Alaska Mileage Plan will end its Emirates partnership on 31 July

Alaska Mileage Plan will no longer offer earning or redemptions on Emirates flights from 31 July 2021, calling time on a 9-year partnership.

Alaska Airlines and Emirates have announced that they will be ending their partnership on 31 July 2021, severing ties after nine years. This means no more earning or burning Alaska Mileage Plan miles on Emirates flights, although some transitionary concessions have been made (see below). 

Source: Alaska website

While this loss would have been a much bigger deal a few years ago, the fact of the matter is that the Alaska-Emirates partnership has been progressively devalued to the extent most people in Singapore will barely feel the impact. 

Alaska Mileage Plan no longer offers good value Emirates awards

Emirates First Class suite
Emirates First Class Suite | Photo Credit: TPG

Once upon a time, buying Alaska Mileage Plan miles to redeem Emirates First and Business Class awards was a sensational deal. You could redeem a First Class award from Asia to North America for just 100,000 miles, which worked out to about US$2,000 if you purchased miles during one of Mileage Plan’s regular sales.

But in March 2016, overnight and without notice, Alaska hiked the mileage requirement to 180,000 miles. It represented an incremental US$1,600 of cost for those of us buying miles, practically eliminating the sweet spot. In any case, Emirates removed First Class award space from all of its partners (except Qantas) in April this year. 

While there’s arguably still some value in buying Mileage Plan miles for Cathay Pacific or Japan Airlines redemptions, I can’t see any case made for Emirates. If you really want to try Emirates’ premium cabin products, it’s a much better idea to redeem them through the Emirates Skywards program, which recently cut its fuel surcharges and started selling miles at a decent-ish rate.

Mileage Plan redemptions for Emirates awards can be made until 30 July 2021, for flights departing up to 330 days later.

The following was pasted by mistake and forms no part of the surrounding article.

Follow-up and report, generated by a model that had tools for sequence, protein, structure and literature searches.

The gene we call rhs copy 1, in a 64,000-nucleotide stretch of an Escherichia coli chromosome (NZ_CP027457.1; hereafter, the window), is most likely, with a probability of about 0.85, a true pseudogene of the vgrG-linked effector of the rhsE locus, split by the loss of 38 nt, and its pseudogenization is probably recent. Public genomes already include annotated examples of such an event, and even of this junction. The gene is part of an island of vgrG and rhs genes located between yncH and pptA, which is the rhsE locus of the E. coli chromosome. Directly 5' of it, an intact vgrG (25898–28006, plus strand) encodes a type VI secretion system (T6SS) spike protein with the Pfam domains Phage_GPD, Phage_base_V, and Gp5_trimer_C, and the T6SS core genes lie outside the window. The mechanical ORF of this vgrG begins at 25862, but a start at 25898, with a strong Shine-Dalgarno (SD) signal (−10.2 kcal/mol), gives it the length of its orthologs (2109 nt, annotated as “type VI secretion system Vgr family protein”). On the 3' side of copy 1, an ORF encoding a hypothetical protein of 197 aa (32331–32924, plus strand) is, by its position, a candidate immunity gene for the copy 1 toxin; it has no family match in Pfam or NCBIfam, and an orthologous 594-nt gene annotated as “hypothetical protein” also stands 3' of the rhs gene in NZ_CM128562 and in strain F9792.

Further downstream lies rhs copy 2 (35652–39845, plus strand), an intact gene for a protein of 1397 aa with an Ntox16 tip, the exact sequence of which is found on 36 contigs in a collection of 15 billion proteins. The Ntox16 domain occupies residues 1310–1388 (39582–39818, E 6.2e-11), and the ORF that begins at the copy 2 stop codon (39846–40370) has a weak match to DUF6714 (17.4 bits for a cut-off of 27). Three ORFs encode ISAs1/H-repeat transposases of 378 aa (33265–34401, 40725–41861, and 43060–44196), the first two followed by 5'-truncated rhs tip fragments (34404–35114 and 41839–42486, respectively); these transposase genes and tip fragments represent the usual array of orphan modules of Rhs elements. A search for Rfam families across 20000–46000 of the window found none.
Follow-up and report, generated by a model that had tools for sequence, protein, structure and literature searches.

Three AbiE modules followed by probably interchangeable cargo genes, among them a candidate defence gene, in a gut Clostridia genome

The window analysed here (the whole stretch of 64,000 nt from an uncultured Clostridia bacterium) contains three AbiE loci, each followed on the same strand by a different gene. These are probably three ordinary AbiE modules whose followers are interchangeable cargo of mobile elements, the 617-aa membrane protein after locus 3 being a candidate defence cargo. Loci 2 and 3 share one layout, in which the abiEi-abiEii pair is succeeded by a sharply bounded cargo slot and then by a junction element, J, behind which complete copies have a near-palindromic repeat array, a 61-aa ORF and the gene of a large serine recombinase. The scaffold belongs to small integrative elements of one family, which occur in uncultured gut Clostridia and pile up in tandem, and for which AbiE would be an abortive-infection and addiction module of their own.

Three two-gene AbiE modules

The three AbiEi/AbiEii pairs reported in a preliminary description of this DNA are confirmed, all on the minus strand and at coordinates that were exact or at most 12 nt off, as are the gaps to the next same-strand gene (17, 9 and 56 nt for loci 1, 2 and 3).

Alaska Mileage Plan earn rates for Emirates are decent

Although it’s a bad idea to redeem Mileage Plan miles for Emirates awards, there’s nothing wrong with earning them on Emirates flights. In fact, Mileage Plan offers some very generous accrual rates of up to 350% of the actual miles flown, depending on your fare class:

Cabin Fare Class Base Bonus Total EQM
First F, A 100% 250% 350% 150%
Business J, C, O, I 100% 125% 225% 125%
P, H 100% 0% 100% 100%
Economy Y, E, R 100% 0% 100% 100%
W, M, B, U, K 75% 0% 75% 75%
Q, L, T, V, X, G 25% 0% 25% 25%

This is a much bigger loss in my opinion, but it’s academic if you never bought Emirates cash fares in the first place. 

If you’ve already purchased a ticket with Emirates, you’ll still be able to earn Alaska Mileage Plan miles according to the following table:

Tickets Booked For Travel Earn Miles
Till 2 Jun 2021 Any dates* Per chart above
From 2 Jun 2021 Till 31 Jul 2021 Per chart above
From 1 Aug 2021 No miles earned
*If travelling from 1 August 2021, you’ll need to submit a Mileage Credit request to earn miles 

Why is the partnership ending?

Alaska Mileage Plan redemptions on Qatar Airways will begin from August 2021 | Photo: Qatar Airways

The homewrecker here is undoubtedly Qatar Airways. 

Alaska joined the oneworld alliance on 1 March 2021, and has started closer cooperation with Qatar Airways on flights to Seattle (Alaska’s hub). Moreover, since oneworld’s Middle East presence is already spoken for by Qatar and Royal Jordanian, it’s not difficult to imagine some pressure applied to end the Emirates partnership. 

In a coincidence that will surprise no one, Alaska Mileage Plan will launch redemptions on Qatar Airways in August 2021. No details have been provided regarding the redemption rates, but I’d keep a close eye on this since it’s likely to be indicative of how much oneworld awards will cost via Mileage Plan. 

Qatar Airways imposes fuel surcharges on award redemptions made through third party programs, but I’m hoping that doesn’t apply to Mileage Plan, given how they absorb these fees on the majority of their partners (except British Airways, Hainan Airlines and Icelandair). 

Conclusion

The loss of the Emirates-Alaska partnership is no big deal as far as redemptions are concerned, although those who regularly buy Emirates First and Business Class fares will mourn the loss of the generous crediting rates.

I’d be very interested to see what kind of redemption rates Mileage Plan comes up with for Qatar Airways, and what that means for sweet spots with other oneworld partners Cathay Pacific and Japan Airlines. 

Watch this space. 

Aaron Wong
Aaron founded The Milelion with the intention of helping people travel better for less and impressing chiobu. He was 50% successful.

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